It is the ultimate nature of warfare which makes it such a bad metaphor for business.  War is wasteful and is never sustainable.  Many of the lessons of war are not relevant in today’s office because the worst thing that could happen is losing your job.  In combat, a person can be maimed or killed.  It is why when I talk about military history in my agile practice I avoid strategy, tactics, or logistics.  I spent most of my time talking about leadership.  It is the leadership of ordinary people in extraordinary situations which inspires me and which I use to encourage others.

One of the most inspiring leaders I know is Creighton Abrams.  He was a tank commander in World War Two and was part of Patton’s Third Army in Europe.  Abrams nicknamed his tank “Thunderball,” and he had the name emblazed on his tank in bold white letters.  Abrams survived the war in spite of the German’s destroying “Thunderball,” seven times.  He was lucky, brave, and he led his troops from the front.  He never asked a soldier to do something he would not do himself and inspired tremendous loyalty.

After the war, he continued to move through the ranks commanding tank units in Korea and Europe during the early 1960s.  Where his leadership ultimately expressed itself was his command of the U.S. Forces in Vietnam.  Abram’s took over for fellow West Point classmate William Westmorland after his promotion to Army Chief of Staff in 1968.  Abrams assumed command at a dangerous time.  American forces had defeated the North Vietnamese Army and the Viet Cong during the Tet Offensive.  It was an ugly and brutal victory which turned a majority of public opinion against the war in Southeast Asia.  The Communist Vietnamese were going to keep fighting no matter how many people died in the process.  Morale was low, and the mission of U.S. forces in Vietnam was in question.

Newspaper reports asked Abrams how he was going to preserve the South Vietnamese government, beat the communists, and keep U.S. casualties down.  He responded, “when eating an elephant you do it one bite at a time.”  The quotation would guide him the next four years as he led the U.S. withdrawal from Vietnam.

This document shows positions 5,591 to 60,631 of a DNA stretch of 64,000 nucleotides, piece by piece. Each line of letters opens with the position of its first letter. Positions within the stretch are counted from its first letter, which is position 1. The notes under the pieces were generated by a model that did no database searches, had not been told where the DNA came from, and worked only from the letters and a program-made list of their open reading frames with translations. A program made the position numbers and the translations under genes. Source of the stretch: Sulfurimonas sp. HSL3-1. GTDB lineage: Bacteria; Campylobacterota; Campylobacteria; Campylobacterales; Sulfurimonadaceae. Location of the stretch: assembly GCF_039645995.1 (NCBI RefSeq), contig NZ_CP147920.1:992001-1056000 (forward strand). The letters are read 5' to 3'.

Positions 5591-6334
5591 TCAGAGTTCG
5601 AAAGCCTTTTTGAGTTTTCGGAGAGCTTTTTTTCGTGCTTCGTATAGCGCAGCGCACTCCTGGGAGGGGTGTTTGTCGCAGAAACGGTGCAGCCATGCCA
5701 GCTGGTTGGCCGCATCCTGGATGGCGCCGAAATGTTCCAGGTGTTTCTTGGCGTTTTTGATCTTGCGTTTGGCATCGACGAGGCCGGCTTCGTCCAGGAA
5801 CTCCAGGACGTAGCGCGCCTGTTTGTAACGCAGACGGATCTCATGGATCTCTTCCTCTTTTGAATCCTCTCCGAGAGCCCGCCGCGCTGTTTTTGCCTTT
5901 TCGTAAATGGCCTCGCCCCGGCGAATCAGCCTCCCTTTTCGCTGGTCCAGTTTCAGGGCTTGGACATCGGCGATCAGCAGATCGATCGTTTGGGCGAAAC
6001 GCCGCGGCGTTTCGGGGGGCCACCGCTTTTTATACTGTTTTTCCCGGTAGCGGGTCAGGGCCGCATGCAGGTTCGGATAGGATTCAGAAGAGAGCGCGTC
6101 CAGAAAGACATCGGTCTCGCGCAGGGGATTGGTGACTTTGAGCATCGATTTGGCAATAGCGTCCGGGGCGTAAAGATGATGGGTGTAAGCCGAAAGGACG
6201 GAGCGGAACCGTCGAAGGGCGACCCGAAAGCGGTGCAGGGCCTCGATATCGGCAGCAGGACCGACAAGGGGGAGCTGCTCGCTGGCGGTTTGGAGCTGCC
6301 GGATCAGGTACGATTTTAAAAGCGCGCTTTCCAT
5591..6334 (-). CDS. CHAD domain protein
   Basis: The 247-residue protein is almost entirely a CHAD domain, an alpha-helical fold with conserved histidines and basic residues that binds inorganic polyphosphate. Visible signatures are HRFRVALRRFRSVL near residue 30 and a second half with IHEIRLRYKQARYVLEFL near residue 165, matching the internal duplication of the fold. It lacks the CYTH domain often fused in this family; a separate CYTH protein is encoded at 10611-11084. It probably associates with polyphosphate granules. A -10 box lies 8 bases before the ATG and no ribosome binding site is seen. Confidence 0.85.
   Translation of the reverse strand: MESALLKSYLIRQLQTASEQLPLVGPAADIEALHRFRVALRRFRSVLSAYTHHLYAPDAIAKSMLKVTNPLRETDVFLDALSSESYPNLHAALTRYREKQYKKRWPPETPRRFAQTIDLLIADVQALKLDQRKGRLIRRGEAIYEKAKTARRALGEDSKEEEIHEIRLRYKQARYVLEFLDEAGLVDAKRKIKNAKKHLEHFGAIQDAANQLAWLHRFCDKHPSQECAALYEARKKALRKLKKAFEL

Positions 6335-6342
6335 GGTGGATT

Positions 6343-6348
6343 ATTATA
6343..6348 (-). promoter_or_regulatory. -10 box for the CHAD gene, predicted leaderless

Unlike his predecessor, Abrams shunned the perks of leadership.  He replaced the ornate wood desk first used by the French provincial governors, with the standard steel desk used in the U.S. embassy.  The mission of U.S. combat forces was simplified, and Abrams implemented the Nixon plan of Vietnamization.  By the time he left Vietnam to become the Army Chief of Staff, U.S. forces had reduced from 576,000 to 24,200 troops.  The big test of Vietnamization and Abrams came in 1972 during the Easter Offensive.  With a fraction of the troops he had four years earlier, he stopped a significant assault on the country.

Abrams was the kind of leader who accepted responsibility for both victory and failure.  The My Lai massacre became public during his tenure.  The Khaki Mafia swindled the army out of millions of dollars.  Finally, the battle of Hamburger Hill further inflamed anti-war sentiment.  Despite these challenges and unreliable allies in the South Vietnamese government, Abrams stood as an example and ate the elephant one bite at a time.  The main battle tank in the U.S. Army was named after him; the M1A1 Abrams.

All of this history relates to agile because we should embrace the servant leadership of Abrams.  Instead of hunkering down in our offices or via conference calls, we should lead with our teams.  Instead of grand gestures of reform, we should pile up a stack of little victories which will lead the organization forward.  We should act as servants to our teams and shun the privileges of rank.  The flaws of our organization should be transparent.  Finally, when confronted with a threatening challenge we will be able to adapt and overcome.

Leading change in an organization is difficult.  The adoption of the agile mindset in business is going to be the most significant change in civilization since the protestant reformation.  I draw inspiration from figures like Abrams.  He inspires me to take plenty of small bites from the elephant which is my career.

Until next time.